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The World that Wasn't There : Pre-Columbian Art in the Ligabue Collection, Hardback Book

The World that Wasn't There : Pre-Columbian Art in the Ligabue Collection Hardback

Edited by Adriano Favaro



One of the first people in Europe to consider the gifts which the Aztec ruler Montezuma gave to Hernan Cortes as works of art was Albrecht Durer: 'Nothing I have yet seen has given me such joy as the objects brought to the king from the new gold countries [...] Some pieces display an extraordinary skill; I have been astonished by the ingenuity of the inhabitants of those far distant lands,' he wrote.

It was 1520 and those works had been sent to Brussels. The five centuries that have passed since the beauty of these objects was first noticed seem not to have been enough for the ancient cultures of Latin America to be fully understood.

This catalogue of pre-Columbian art is a fresh attempt to examine and come to terms with artworks produced by a section of mankind that came to the attention of Europeans only after the voyages of Columbus and other explorers.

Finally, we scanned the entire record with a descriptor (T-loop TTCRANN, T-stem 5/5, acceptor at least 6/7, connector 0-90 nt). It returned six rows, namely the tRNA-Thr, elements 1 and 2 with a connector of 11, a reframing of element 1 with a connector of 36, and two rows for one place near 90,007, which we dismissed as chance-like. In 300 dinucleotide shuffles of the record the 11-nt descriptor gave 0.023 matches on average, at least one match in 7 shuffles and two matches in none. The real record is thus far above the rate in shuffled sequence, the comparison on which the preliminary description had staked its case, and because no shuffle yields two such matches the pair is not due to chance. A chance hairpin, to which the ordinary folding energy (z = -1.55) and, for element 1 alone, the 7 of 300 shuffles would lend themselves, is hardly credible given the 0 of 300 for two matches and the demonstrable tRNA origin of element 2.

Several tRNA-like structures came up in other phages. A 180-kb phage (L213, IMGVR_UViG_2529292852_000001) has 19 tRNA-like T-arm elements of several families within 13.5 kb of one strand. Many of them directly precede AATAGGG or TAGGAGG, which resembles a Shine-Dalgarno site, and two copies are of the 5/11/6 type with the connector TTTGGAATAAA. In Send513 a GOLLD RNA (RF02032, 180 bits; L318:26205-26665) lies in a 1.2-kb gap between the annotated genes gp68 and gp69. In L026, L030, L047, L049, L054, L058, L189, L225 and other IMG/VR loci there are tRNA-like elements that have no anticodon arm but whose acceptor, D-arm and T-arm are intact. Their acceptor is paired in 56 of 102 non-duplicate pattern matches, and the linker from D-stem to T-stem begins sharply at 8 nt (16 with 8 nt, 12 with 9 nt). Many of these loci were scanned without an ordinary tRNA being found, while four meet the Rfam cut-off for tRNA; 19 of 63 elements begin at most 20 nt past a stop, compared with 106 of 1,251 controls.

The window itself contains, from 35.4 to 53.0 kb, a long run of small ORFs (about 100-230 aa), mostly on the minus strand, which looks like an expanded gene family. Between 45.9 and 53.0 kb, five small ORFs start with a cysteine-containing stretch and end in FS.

It illustrates the collection of pre-Columbian art of Giancarlo and Inti Ligabue, one of the few collections of its kind in Italian hands: over 150 pieces from Mesoamerica and South America, an extraordinary corpus of objects which give testament to the excellence achieved by ancient artists.

But it also tells the story of certain rare objects which belonged to the Medici Collection, one of Europe's greatest treasures.

Among these are two atlatls, spear-throwers covered in gold-leaf from the Aztec or Mixtec cultures, a Taino necklace dating from the fourteenth or fifteenth century, and a Teotihuacan stone mask.

These objects are accompanied by pieces from private European collections and a number of significant artworks from the Quai Branly Museum in Paris. Essays by leading scholars and archaeologists, such as C.

Phillips, C.F. Baudez, J.M. Hoppan, J.J. Leyenard, F. Kauffmann Doig, C. Cavatrunci, D. Domenica, and M. Polia, weave both scientific and humanistic interpretations of Amerindian thought.

The Giancarlo and Inti Ligabue Collection of masterpieces of ancient Latin American cultures is part of a huge and broad-ranging hoard of objects gathered over a period of almost fifty years.




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